1. Introduce the student to the algorithmic, computational, and statistical problems that arise in the analysis of biological data.
    Related competences: CT4, CT5, CG4, CE5, CE6, CE9, CB6, CB7, CB10,
  2. Reinforce the knowledge of discrete structures, algorithmic techniques, and statistical techniques that the student may have from previous courses.
    Related competences: CT5, CE1, CE2, CE9,


  1. Introduction to bioinformatics
    Computational biology and bioinformatics. Algorithms in bioinformatics. Strings, sequences, trees, and graphs. Algorithms on strings and sequences. Representation of trees and graphs. Algorithms on trees and graphs.
  2. Phylogenetic reconstruction I
    Character-based phylogenetic reconstruction. Compatibility. Perfect phylogenies. Distance-based phylogenetic reconstruction. Ultrametric trees. Additive trees.
  3. Agreement of phylogenetic trees
    Partition distance. Nodal distance. Triplets distance. Transposition distance. Edit distance. Alignment of phylogenetic trees.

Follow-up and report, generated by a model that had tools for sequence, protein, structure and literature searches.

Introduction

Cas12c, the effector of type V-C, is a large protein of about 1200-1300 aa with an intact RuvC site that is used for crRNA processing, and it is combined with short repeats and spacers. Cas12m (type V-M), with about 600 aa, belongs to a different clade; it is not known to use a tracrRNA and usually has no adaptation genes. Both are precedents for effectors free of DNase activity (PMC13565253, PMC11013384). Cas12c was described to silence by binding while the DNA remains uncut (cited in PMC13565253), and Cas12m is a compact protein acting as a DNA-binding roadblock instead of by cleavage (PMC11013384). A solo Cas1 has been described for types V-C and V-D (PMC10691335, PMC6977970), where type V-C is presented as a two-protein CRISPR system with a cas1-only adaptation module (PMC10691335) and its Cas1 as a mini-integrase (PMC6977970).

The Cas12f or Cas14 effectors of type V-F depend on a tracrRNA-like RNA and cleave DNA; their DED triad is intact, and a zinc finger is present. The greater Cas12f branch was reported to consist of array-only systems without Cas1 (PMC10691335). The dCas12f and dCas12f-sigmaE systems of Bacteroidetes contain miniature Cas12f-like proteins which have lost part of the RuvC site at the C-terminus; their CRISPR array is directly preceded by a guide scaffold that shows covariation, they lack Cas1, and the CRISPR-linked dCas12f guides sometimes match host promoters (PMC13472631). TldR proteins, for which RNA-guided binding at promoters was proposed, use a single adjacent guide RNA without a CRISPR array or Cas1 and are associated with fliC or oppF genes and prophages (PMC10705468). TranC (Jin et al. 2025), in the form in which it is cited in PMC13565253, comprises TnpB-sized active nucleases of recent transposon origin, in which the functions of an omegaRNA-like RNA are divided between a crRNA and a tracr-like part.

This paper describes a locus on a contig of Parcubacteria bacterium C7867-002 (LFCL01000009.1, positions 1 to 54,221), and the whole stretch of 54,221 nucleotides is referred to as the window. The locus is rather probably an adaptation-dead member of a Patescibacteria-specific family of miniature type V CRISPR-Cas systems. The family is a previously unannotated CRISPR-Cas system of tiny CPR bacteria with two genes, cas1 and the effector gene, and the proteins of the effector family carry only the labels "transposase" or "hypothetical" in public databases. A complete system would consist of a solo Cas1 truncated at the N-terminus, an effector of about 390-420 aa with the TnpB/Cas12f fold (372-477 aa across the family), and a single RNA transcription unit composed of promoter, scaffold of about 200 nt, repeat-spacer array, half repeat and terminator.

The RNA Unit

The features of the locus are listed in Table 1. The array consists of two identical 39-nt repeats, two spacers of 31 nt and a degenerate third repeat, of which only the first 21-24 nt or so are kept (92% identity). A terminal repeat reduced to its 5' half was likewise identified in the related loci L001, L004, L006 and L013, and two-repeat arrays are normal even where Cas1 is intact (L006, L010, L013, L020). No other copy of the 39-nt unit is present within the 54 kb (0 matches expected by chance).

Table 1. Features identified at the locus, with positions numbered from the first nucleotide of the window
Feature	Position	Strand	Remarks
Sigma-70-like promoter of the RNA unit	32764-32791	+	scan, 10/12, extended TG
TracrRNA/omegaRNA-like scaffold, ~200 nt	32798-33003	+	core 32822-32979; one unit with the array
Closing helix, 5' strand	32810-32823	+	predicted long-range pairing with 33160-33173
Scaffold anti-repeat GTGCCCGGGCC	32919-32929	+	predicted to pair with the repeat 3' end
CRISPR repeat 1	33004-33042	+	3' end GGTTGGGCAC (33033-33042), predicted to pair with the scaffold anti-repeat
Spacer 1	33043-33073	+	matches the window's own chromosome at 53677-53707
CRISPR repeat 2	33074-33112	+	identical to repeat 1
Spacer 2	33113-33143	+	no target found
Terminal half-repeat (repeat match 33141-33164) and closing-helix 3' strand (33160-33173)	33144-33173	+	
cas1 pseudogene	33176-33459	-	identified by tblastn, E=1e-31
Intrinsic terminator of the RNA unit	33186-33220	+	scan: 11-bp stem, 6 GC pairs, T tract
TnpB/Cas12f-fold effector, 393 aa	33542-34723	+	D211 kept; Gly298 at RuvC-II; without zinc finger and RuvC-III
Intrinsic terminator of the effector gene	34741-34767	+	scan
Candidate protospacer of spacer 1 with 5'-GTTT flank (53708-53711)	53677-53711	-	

4. Phylogenetic reconstruction II
    Phylogenetic networks. Galled trees. Tree-child networks. Tree-sibling networks. Time consistency of phylogenetic networks. A hierarchy of phylogenetic networks.
  5. Phylogenetic reconstruction III
    Phylogenies and taxonomies. Classification of metagenomic samples. The taxonomic assignment problem. Accuracy and coverage. The LCA skeleton tree.
  6. Agreement of phylogenetic networks
    Path multiplicity distance. Tripartition distance. Nodal distance. Triplets distance. Edit distance. Alignment of phylogenetic networks.
  7. Introduction to statistical genetics
    Basic genetic terminology. Population-based and family-based studies. Traits, markers and polymorphisms. Single nucleotide polymorphisms and microsatellites. R-package genetics.
  8. Hardy-Weinberg equilibrium
    Hardy-Weinberg law. Hardy-Weinberg assumptions. Multiple alleles. Statistical tests for Hardy-Weinberg equilibrium: chi-square, exact and likelihood-ratio tests. Graphical representations. Disequilibrium coefficients: the inbreeding coefficient, Weir's D. R-package HardyWeinberg.
  9. Linkage disequilibrium
    Definition of linkage disequilibrium (LD). Measures for LD. Estimation of LD by maximum likelihood. Haplotypes. The HapMap project. Graphics for LD. The LD heatmap.